Source: Food and Environmental Virology - March 21, 2019 Category: Virology Source Type: research

Outbreaks of Norovirus and Acute Gastroenteritis Associated with British Columbia Oysters, 2016 –2017
AbstractTwo outbreaks of norovirus and acute gastroenteritis took place in Canada between November 2016 and April 2017. Both outbreaks were linked to oysters from British Columbia (BC) coastal waters. This paper describes the multi-agency investigations to identify the source and control the outbreak. Public health officials conducted interviews to determine case exposures. Traceback was conducted by collecting oyster tags from restaurants and analyzing them to determine the most common farms. Oyster samples were collected from case homes, restaurants, and harvest sites and tested for the presence of norovirus. Potential e...
Source: Food and Environmental Virology - March 21, 2019 Category: Virology Source Type: research

Occurrence of Salivirus in Sewage and River Water Samples in Karaj, Iran
AbstractSalivirus is a newly discovered virus which seems to be related to acute gastroenteritis in children. Salivirus may infect susceptible children by fecal –oral route after exposure to contaminated water. The present study aims to evaluate the occurrence and quantity of Salivirus in treated and untreated sewage water and river water samples collected in the city of Karaj, Iran by reverse transcription-quantitative PCR assay. A total of 50 samples we re collected from environmental waters containing 22 treated and untreated sewage water in volume of 1 l and 28 river water samples in volume of 5 l were ...
Source: Food and Environmental Virology - March 20, 2019 Category: Virology Source Type: research

Environmental Surveillance of Human Enteroviruses in C órdoba City, Argentina: Prevalence and Detection of Serotypes from 2009 to 2014
AbstractEnvironmental surveillance is an effective approach to investigate the circulation of human enteroviruses (EVs) in the population. EVs excreted by patients who present diverse clinical syndromes can remain infectious in the environment for several weeks, and limited data on circulating environmental EVs are available. A 6-year (2009 –2014) surveillance study was conducted to detect non-polio enteroviruses (NPEVs) in the urban sewage of Cordoba city, Argentina. Echovirus 6 (E-6) was the most prevalent (28%), followed by E-14 (17%), E-16 (14%), Coxsackievirus (CV) A9 (11%), E-20 (9%), and CVA24 (6%). Other mino...
Source: Food and Environmental Virology - March 20, 2019 Category: Virology Source Type: research

Hepatitis A Outbreak in the General Population due to a MSM-Associated HAV Genotype Linked to a Food Handler, November 2017 –February 2018, Germany
We report here on the first spillover outbreak of the MSM-associated HAV genotype RIVM-HAV16-090 in the German general population in November 2017 –February 2018. In total, twelve cases could be attributed to the outbreak with the index case and a coworker in a butchers shop being the most probable source of the outbreak. The identical HAV genotype was detected in two environmental samples in the premises of the butchers shop and in nine cas es. Outbreak control measures included detailed contact tracing and stool examinations, several environmental investigations, thorough cleaning, and disinfection of the premises ...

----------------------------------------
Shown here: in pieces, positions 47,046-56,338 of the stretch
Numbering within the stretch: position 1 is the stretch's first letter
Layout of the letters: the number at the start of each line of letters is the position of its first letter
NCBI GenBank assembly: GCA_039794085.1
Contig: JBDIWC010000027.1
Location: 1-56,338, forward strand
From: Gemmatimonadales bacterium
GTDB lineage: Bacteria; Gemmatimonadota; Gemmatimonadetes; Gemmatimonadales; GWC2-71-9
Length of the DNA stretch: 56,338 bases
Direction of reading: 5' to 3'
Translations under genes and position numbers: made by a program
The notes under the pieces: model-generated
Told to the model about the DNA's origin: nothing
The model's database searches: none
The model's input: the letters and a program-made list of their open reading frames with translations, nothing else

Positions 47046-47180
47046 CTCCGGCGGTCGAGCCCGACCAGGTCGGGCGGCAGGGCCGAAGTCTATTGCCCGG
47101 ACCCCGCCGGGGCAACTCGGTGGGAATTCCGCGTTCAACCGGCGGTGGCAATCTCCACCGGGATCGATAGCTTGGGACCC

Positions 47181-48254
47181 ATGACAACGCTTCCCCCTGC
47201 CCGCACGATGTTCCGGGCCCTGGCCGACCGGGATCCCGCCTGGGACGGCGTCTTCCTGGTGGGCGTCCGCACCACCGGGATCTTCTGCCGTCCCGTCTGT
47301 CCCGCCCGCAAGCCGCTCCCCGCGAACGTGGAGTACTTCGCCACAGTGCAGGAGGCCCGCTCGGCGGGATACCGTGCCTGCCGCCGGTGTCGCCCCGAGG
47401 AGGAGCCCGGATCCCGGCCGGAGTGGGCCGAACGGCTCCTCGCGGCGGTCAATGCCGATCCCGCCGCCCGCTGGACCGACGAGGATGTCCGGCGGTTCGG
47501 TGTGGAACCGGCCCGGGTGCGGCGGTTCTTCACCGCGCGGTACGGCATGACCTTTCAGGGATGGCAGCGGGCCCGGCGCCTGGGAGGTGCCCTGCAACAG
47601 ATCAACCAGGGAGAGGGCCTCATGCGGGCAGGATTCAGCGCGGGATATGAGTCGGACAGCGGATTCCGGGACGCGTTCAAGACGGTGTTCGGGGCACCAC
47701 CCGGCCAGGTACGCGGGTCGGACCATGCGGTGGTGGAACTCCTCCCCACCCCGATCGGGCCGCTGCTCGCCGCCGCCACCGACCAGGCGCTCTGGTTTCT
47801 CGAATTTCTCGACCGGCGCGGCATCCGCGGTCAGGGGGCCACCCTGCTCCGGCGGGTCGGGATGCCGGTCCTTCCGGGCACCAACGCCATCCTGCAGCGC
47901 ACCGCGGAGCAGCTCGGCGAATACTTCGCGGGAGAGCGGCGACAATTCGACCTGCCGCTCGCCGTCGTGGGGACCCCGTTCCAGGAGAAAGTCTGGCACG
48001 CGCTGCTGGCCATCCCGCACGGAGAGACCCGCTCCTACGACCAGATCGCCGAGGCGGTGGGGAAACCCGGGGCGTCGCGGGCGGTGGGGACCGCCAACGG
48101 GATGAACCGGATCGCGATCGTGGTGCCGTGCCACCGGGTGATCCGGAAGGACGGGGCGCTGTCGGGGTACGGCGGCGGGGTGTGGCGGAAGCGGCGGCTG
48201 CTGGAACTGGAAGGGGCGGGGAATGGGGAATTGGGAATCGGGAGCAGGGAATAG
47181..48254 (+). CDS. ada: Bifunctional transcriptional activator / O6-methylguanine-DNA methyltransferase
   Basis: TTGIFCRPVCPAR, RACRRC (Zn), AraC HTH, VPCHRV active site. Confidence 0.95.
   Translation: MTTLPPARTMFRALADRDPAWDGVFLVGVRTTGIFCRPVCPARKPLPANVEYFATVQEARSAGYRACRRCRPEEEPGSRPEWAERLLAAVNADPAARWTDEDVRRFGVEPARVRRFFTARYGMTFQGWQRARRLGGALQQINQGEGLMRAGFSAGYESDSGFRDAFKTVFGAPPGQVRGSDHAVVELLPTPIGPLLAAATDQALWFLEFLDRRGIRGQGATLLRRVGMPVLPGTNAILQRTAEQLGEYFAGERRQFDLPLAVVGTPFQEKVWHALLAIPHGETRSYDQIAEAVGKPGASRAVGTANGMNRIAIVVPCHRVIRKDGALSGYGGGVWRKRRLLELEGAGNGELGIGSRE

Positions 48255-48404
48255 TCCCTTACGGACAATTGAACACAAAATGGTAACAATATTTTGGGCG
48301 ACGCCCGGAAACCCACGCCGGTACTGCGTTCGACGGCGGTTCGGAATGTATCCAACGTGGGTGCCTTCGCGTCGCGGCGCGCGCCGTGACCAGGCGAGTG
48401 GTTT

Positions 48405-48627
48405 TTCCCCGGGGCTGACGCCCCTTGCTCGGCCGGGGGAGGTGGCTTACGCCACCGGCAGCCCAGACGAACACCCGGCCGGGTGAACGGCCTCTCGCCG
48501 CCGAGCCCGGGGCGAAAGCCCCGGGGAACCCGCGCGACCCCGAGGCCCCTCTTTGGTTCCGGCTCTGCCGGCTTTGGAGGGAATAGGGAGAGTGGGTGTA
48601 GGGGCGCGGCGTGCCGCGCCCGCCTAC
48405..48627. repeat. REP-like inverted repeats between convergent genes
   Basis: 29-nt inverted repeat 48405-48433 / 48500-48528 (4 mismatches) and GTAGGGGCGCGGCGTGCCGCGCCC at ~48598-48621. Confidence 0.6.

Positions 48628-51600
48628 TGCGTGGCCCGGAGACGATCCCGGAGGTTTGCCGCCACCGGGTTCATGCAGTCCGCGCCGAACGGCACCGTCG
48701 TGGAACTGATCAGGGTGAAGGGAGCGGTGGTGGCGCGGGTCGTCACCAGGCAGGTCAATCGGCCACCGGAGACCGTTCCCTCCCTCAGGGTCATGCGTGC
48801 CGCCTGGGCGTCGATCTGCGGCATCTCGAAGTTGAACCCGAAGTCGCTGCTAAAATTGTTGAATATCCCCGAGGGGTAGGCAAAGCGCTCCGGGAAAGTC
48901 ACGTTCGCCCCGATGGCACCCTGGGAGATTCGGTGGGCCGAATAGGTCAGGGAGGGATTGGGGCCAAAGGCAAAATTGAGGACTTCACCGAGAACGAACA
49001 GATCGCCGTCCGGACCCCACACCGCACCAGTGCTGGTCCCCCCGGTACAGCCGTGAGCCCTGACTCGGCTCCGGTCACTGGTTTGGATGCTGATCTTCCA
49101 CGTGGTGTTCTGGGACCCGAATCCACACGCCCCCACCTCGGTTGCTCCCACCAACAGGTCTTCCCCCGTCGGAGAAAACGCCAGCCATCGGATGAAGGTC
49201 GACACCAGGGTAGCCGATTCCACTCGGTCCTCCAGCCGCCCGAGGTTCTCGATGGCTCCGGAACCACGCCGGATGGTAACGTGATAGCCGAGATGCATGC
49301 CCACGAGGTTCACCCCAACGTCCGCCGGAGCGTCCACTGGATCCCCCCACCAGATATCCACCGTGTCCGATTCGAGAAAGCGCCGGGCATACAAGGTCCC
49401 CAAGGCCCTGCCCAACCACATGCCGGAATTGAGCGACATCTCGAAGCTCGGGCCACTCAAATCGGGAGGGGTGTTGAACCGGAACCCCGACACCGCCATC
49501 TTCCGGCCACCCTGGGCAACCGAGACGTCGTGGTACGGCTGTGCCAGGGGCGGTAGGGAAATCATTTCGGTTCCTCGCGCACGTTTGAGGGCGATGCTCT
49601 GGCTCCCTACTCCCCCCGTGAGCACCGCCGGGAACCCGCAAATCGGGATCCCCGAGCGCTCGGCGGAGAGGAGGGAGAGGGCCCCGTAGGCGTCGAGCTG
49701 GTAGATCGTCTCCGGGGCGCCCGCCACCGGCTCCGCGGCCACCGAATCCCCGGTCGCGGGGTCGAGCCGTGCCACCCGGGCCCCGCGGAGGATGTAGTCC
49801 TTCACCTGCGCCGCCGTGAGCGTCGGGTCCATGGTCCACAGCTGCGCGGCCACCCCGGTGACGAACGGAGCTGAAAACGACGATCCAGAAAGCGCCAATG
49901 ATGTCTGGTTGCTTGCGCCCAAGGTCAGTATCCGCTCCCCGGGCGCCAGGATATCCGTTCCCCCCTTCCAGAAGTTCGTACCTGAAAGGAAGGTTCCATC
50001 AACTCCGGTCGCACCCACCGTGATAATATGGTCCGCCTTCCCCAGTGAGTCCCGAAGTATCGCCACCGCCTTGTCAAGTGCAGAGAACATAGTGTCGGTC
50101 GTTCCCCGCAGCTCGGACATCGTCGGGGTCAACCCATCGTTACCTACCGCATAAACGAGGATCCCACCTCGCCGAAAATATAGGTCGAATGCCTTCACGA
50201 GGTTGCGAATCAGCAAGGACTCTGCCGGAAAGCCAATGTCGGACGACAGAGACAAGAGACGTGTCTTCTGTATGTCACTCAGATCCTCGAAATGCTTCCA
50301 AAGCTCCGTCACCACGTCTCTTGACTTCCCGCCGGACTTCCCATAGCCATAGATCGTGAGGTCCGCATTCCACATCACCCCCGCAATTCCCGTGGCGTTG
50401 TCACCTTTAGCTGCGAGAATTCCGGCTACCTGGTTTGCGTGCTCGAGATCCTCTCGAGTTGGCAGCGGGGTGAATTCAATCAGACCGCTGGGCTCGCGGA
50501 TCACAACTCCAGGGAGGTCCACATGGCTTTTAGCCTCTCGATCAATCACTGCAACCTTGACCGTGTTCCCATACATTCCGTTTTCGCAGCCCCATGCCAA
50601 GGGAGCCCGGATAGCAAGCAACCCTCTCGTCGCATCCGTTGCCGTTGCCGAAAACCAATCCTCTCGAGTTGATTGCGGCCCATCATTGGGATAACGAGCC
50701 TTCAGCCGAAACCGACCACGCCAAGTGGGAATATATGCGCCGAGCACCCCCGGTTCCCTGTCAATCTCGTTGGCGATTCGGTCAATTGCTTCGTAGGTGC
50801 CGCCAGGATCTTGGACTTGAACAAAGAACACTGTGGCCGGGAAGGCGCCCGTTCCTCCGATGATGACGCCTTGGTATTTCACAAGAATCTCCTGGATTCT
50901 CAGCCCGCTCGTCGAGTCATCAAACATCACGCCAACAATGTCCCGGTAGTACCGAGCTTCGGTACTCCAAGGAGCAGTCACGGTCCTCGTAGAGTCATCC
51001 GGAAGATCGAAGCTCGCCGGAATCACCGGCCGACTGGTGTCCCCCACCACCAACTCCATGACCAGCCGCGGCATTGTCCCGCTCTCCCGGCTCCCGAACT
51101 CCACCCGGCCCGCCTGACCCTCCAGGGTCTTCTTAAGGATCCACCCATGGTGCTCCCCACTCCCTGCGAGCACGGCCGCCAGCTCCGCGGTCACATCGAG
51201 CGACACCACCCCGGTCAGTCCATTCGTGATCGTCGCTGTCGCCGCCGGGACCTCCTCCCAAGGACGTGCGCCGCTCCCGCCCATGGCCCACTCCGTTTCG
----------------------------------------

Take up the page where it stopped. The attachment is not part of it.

Source: Food and Environmental Virology - March 13, 2019 Category: Virology Source Type: research

Critical Evaluation of CrAssphage as a Molecular Marker for Human-Derived Wastewater Contamination in the Aquatic Environment
In this study, we used crAssphage, a recently discovered human-specific gut-associated bacteriophage, for the surveillance of wastewater-derived viral contamination. Untreated and treated wastewater, surface water, sediment and mussel samples were collected monthly over 1 year from the Conwy River and estuary (UK) and were analyzed for crAssphage marker by quantitative PCR. This is the first long-term catchment-to-coast scale study of environmental crAssphage concentrations. CrAssphage was detected in all sample types and showed no distinct seasonal pattern. CrAssphage concentrations were 2  × 105&ndash...
Source: Food and Environmental Virology - February 13, 2019 Category: Virology Source Type: research

Mineral Waste Containing High Levels of Iron from an Environmental Disaster (Bento Rodrigues, Mariana, Brazil) is Associated with Higher Titers of Enteric Viruses
We report an investigation of effects on the biosynthesis of human adenoviruses (HAdV) and hepatitis A (HAV) of waters contaminated with mineral waste following an environmental disaster in Mariana City, Minas Gerais State, Brazil. The study area was affected on November 5, 2015, by 60  million m3 of mud (containing very high concentrations of iron salts) from a mining reservoir (Fund ão), reaching the Gualaxo do Norte River (sites evaluated in this study), the “Rio Doce” River and finally the Atlantic Ocean. We found substantial counts of infectious HAdV and HAV (by qPCR) in all sampled sites from ...
Source: Food and Environmental Virology - February 12, 2019 Category: Virology Source Type: research

How Fiber Breakage Reduces Microorganism Removal in Ultrafiltration for Wastewater Reclamation
AbstractUltrafiltration (UF) membranes are increasingly being used for wastewater reclamation treatment for their high removal of pathogens and suspended solids. However, breakage of UF membrane fibers could allow leakage of pathogens into the permeate and create health risks in the use of reclaimed water. Here, we assessed the log10 reduction value (LRV) of human enteric viruses and microbial indicators of new and aged UF modules in a pilot-scale UF process to evaluate the influence of fiber breakage. Norovirus genotypes I and II, Aichi virus, andEscherichia coli were not detected in any permeate samples of intact UF modu...